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April 24, 2015

Matters for Interpretation

By Bill Sullivan

Many Americans believe strongly in the idea that this is a Christian nation. Surely the vast majority of citizens in the founding generations identified with one denomination or another. Citing those origins is one way to emphasize the idea of a particular kind of unity, a unity, perhaps, that we might like to … Continue Reading »

April 24, 2015

Church and State


How should government protect liberty of conscience?

Should the state promote fundamental values, even if those values might seem to promote religion?

In this imagined conversation at Christiana Campbell’s Tavern, Baptist preacher Gowan Pamphlet and five-term Virginia governor Patrick Henry wrestle with these questions.

It’s well known that the first amendment to the U.S. Constitution’s … Continue Reading »

April 24, 2015

Through the Eyes of Albert Durant

By Karen Gonzalez

Albert Durant was born in 1920 into a society where everything was separate and nothing was equal.

But an interest in photography blossomed into a business that transcended the times – and race. It was Durant’s varied interests, in fact, that opened the door for a black man with an artistic eye to … Continue Reading »

April 23, 2015

Mad Men and Williamsburg 1970

The characters inhabiting the world of Mad Men are not the best role models, as anyone who has watched the show for 20 minutes can attest. But occasionally there are pearls of wisdom.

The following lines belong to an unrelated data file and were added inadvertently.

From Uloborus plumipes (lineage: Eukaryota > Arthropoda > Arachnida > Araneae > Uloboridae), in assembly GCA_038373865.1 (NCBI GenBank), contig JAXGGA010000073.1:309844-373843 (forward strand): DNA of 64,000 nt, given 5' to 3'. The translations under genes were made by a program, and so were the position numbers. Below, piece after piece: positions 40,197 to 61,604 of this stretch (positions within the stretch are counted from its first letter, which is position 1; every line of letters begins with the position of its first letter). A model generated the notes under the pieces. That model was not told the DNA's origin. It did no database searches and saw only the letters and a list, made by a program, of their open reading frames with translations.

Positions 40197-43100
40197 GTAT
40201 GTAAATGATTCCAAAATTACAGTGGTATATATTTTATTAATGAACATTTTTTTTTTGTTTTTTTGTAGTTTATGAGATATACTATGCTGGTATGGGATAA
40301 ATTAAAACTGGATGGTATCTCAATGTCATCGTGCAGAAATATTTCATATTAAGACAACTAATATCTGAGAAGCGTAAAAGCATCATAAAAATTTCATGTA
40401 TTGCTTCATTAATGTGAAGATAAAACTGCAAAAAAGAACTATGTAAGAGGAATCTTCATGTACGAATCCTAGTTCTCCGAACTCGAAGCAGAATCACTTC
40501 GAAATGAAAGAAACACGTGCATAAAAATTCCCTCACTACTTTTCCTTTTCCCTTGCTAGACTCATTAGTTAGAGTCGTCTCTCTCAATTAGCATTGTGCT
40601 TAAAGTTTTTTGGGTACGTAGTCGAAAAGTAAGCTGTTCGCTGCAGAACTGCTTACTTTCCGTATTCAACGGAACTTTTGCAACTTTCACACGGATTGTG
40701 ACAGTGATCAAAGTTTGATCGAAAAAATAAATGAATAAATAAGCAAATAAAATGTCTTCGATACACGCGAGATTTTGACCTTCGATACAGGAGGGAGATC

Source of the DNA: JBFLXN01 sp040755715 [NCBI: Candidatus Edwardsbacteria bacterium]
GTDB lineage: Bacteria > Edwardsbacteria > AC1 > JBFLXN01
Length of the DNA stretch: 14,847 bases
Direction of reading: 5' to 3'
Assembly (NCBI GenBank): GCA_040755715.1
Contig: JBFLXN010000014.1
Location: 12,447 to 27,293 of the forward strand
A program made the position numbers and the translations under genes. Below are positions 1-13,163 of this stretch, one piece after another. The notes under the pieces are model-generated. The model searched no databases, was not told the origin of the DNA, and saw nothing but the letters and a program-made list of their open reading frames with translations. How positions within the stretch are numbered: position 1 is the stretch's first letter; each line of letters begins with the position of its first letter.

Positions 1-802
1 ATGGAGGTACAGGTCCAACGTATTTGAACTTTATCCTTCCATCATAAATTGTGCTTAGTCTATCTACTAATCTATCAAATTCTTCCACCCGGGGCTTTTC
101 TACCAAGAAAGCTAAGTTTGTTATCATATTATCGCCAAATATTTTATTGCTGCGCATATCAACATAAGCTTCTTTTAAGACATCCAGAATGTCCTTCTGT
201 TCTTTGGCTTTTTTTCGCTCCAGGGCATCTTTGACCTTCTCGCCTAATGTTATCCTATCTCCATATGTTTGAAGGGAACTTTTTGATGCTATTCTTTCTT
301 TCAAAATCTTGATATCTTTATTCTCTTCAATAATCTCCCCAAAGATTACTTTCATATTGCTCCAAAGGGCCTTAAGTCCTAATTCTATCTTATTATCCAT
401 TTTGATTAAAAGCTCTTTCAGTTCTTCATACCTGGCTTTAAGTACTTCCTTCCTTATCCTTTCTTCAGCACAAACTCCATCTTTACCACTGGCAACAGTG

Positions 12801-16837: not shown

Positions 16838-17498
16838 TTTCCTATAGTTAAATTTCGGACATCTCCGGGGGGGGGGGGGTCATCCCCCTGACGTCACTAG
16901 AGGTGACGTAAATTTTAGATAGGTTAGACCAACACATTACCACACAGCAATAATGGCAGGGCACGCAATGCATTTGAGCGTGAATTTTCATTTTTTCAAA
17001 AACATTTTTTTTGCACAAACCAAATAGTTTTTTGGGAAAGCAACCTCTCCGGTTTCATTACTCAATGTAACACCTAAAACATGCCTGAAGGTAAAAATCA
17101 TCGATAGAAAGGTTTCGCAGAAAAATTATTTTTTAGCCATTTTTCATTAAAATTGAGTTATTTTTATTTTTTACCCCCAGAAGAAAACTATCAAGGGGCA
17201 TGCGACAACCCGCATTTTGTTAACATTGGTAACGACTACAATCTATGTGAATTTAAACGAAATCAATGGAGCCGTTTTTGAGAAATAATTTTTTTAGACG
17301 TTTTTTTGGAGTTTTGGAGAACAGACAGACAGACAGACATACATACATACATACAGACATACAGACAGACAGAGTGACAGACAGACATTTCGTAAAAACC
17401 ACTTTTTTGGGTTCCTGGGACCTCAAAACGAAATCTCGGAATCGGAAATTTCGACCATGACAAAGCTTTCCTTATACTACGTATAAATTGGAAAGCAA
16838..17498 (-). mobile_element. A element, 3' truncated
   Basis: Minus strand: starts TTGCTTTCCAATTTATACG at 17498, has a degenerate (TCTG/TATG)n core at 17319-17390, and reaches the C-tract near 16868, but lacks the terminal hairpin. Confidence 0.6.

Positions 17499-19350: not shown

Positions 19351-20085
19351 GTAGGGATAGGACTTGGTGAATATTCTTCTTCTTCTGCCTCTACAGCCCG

On the episode that aired April 19, Betty Francis offers daughter Sally some great advice, suggesting that she visit the Colonial Williamsburg Historic Area … Continue Reading »

April 21, 2015

The First Listening Tour

By Bill Sullivan

Americans take it for granted today that politicians are going to go to great lengths to “connect” with the public: with grip and grin photo ops, visits to local diners, talk show appearances, or just by dropping pop culture references.

Historian T.H. Breen

They are just like us, they insist, even in the … Continue Reading »

April 20, 2015

Exhibit Examines Explorers’ Studies of Their New Natural World

By Karen Gonzalez

Henrietta Somerset (1748-1770)

Many explorers and settlers of the New World became fascinated by the plants and animals that were native to their new home.

That fascination resulted in drawings, paintings and other objects that are the inspiration for “Birds, Bugs and Blooms – Observing the Natural World in the 18th Century,” an … Continue Reading »